Study: A Natural Disaster in China Poses Greater Supply Chain Threat Than Japan Earthquake and Tsunami

China is exposed to significant natural threats, including earthquakes, windstorms, floods and tsunamis, and a new study from FM Global revealed there is growing concern that a natural disaster in China will have a severe impact on supply chains even more than the 2011 Japan earthquake and tsunami did.

The FM Global Supply Chain Risk Study surveyed 100 financial execs at large multinational corporations and found that:


86 percent of those polled said they are more reliant on China as a critical supplier than they are on Japan (43 percent).


The vast majority (83 percent) consider supply chain disruption a moderate to great risk.


Virtually all (99 percent) of those companies reliant on China for their supply chain are concerned about natural disaster-related disruptions.


Most (65 percent) are considering "increasing collaboration with suppliers on mitigating risk at their locations."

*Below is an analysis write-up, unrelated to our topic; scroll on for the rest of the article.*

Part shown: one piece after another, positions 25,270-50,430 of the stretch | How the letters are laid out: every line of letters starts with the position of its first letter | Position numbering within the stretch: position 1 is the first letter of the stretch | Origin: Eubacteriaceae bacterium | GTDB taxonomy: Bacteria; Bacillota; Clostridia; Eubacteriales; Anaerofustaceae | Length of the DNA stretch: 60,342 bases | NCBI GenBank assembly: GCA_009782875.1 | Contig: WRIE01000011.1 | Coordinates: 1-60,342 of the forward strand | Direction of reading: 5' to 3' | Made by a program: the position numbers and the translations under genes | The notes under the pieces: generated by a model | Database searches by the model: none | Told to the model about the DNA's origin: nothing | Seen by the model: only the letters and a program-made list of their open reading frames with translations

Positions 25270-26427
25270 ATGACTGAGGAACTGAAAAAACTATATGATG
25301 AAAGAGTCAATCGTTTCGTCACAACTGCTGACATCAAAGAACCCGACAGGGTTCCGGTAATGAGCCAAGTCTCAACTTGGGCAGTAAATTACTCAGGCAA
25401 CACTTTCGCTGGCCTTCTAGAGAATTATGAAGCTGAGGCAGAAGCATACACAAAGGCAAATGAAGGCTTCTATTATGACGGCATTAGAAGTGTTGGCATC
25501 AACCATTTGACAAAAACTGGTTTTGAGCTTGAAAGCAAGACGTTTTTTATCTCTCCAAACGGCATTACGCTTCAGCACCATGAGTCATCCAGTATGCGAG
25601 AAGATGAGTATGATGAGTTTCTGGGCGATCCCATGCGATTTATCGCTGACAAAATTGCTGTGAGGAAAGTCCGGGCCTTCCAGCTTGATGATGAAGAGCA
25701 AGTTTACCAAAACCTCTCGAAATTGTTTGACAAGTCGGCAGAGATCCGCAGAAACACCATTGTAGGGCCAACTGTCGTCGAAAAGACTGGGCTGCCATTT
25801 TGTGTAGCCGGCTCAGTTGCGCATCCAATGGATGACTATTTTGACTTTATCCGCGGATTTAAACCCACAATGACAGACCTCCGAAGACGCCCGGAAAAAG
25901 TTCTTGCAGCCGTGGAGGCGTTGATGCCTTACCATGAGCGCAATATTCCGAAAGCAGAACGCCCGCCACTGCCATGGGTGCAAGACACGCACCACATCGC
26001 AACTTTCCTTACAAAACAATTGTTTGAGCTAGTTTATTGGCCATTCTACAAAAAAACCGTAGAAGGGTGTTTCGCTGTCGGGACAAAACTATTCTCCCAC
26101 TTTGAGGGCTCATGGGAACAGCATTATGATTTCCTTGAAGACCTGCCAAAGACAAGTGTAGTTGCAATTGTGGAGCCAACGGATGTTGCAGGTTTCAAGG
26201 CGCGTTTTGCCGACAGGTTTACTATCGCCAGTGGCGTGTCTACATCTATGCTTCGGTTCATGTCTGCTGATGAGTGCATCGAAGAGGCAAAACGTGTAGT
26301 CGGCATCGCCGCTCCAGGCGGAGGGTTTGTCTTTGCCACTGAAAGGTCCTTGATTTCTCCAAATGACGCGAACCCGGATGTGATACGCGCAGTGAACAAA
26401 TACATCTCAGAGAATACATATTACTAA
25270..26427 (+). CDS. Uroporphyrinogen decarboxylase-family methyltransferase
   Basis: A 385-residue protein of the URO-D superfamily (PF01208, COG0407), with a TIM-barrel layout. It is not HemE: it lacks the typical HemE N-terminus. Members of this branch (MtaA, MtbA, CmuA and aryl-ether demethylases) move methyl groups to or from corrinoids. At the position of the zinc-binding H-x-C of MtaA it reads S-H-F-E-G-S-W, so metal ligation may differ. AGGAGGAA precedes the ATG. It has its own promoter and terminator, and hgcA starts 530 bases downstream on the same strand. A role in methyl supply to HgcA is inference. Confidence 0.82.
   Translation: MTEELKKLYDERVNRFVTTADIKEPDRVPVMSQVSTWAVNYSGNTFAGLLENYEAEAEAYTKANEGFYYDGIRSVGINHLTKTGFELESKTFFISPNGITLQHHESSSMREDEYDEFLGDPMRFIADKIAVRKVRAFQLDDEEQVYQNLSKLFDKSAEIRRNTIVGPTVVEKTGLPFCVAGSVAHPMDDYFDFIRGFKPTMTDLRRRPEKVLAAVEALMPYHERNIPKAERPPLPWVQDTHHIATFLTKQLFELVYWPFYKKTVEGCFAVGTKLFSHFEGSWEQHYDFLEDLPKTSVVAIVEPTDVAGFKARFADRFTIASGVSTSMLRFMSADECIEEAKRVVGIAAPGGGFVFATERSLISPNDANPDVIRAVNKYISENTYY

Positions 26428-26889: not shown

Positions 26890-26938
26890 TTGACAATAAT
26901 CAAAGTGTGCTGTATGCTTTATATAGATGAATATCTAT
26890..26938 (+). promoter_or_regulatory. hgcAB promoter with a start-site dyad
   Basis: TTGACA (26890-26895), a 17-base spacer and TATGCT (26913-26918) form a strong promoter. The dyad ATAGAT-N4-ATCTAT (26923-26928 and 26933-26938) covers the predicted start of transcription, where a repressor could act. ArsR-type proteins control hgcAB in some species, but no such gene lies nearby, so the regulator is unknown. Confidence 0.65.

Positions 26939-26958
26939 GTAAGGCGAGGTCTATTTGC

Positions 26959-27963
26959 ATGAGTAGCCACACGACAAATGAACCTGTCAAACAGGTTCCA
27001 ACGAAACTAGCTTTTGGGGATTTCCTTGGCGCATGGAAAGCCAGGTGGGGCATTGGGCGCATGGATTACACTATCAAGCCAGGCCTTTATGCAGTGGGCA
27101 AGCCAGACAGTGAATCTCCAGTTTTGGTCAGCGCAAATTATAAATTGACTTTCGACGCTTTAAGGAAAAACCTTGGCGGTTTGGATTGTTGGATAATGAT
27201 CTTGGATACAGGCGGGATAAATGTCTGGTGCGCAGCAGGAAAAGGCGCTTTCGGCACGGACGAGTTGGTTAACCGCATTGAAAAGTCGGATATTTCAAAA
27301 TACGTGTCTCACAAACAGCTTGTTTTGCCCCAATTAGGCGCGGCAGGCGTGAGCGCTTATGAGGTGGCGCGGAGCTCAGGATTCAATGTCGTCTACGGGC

Supply chains in China are more likely to face business disruption by natural disaster, particularly since China has not fully embraced many of the risk management policies followed in the US and Europe. Plus, any supply chain disruptions could have wide-spread global impacts.

"The findings of the FM Global Supply Chain Risk Study should be a wake-up call for companies that have substantial investment and dependency on supply chains in China," Vinod Singhal, Brady Family Professor of Operations Management at the Georgia Institute of Technology's College of Management, said in a press release. "A natural disaster-related supply chain disruption in China would have far-reaching and long-lasting negative economic impact. It would slow down the global economy because China is not only a major exporter of goods, but also a major importer of goods. It would cause shortages in many consumer and industrial products that could lead to inflation and devastate the share price of companies."

For more information, see the complete FM Global Supply Chain Risk Study, available here.

TAGS: Finance
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